For example, when I check into a hotel I normally ask for a better price. I am sure most people who stay in a lot of hotels do the same thing. I was in North Platte, Nebraska, checking into a hotel and out of habit, I asked for a lower price. Normally the hotel clerk asks if I have any discounts, However, this time she said, “you look a little tired, we do have a room with a jacuzzi for only $20.00 more.” I ended up taking the room. Instead of getting a $10.00 discount, I ended up paying $20.00 more! The hotel ended with more revenue.
Another example was in San Jose, California. As I was checking in I asked for my normal discount. The hotel clerk behind the counter said she had to check with the manager. She came back in about a minute and told me the manager said we can’t give any more discounts today. I said fine and paid the full price.
Here’s the interesting part. I went over to the elevator and as I was waiting another guy came in and asked the same thing. The hotel clerk gave the same response about checking with the manager. She went back into the office to check with the manager. I could see the whole office from where I was standing and THE OFFICE WAS EMPTY! She came back out and gave the same response, “the manager said we can’t give any more discounts today.”
Many retailers use this “add-on” technique when selling to their customers. Buy a suit and you end up with an extra pair of pants, plus shirts and ties.
You buy a computer and end up with software and a printer.
You go into a fast-food restaurant and you supersize the fries and drink.
I was in a diner near Phoenix, Arizona, and the waitress came over to take my order and asked, “before you order, what would you like for dessert?” Is it any wonder the restaurant dessert sales were through the roof?
Here is the psychology behind the technique.
Once a person decides, their mind works to reinforce the decision. By getting a small commitment first the buyer will start to justify the decision and it becomes easier, not harder, to add on additional items.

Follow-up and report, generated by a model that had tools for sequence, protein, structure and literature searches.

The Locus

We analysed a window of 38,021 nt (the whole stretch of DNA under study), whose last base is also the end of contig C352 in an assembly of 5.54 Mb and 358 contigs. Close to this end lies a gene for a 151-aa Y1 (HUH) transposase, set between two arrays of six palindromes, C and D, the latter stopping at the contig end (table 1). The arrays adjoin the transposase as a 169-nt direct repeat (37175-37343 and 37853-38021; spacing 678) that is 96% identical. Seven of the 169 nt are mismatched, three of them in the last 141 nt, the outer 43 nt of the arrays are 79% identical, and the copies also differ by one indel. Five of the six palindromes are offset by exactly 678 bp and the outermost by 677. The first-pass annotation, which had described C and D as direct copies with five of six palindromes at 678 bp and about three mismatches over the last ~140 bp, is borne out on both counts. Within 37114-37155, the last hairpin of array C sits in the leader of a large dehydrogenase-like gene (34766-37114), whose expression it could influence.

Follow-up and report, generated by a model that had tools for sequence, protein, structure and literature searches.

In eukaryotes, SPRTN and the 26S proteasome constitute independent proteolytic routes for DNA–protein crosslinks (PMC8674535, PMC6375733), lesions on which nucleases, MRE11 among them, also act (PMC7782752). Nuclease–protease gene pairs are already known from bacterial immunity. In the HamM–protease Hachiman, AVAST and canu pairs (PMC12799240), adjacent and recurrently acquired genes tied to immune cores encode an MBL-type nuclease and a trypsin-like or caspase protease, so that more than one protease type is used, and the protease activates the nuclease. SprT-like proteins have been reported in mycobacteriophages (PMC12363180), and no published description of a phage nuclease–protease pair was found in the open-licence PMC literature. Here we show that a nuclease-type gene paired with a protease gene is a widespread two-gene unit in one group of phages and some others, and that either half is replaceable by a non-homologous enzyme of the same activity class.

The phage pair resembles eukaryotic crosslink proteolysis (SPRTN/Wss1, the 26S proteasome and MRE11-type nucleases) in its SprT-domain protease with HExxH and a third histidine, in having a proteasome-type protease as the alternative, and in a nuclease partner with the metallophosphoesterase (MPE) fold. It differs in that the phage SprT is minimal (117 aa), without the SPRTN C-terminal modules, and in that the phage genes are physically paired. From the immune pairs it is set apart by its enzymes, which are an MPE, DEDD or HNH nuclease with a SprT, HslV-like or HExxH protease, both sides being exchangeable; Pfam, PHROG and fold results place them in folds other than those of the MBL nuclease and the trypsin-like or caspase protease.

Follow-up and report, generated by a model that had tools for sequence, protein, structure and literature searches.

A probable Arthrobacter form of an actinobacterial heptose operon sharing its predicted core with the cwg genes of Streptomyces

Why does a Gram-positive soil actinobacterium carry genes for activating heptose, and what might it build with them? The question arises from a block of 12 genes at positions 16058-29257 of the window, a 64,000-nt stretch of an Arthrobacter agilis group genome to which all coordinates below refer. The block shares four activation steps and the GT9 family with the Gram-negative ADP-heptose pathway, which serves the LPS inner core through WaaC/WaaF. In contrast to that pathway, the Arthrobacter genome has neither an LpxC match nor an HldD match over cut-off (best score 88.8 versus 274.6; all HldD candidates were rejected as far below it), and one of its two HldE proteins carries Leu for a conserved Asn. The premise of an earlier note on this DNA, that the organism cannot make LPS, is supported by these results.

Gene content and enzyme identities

Why? Think about your own decision-making process. Once you decide your mind does a search, similar to a computer doing a search for additional information. Your mind is looking for ways to justify the decision you just made.
Your customer's mind works the same way. This tactic is being used on you every time you buy a car. First, the car salesperson will get you to agree on the color, then options, then an extended warranty, and before you know it you bought the car - one small piece at a time.
The last-minute add-on involves throwing in an extra request at the final moment, just when you, the per, have put down your defenses and assumes you have a deal.
To successfully use this technique, don’t rush the customer. If you are selling multiple items, sell the first one. Wait a few minutes, sell the second one. Wait a few more minutes, sell the third one, and so on. Give the customers mind a chance to justify their decision.
It is like going to the grocery store and buying a chicken. I bought the chicken - I better buy the potatoes - the salad - the rolls - the dessert - and before you know it your shopping cart if full.
This technique has several names such as upsell, add-on, cross-selling. The one thing you can be sure of, it works!
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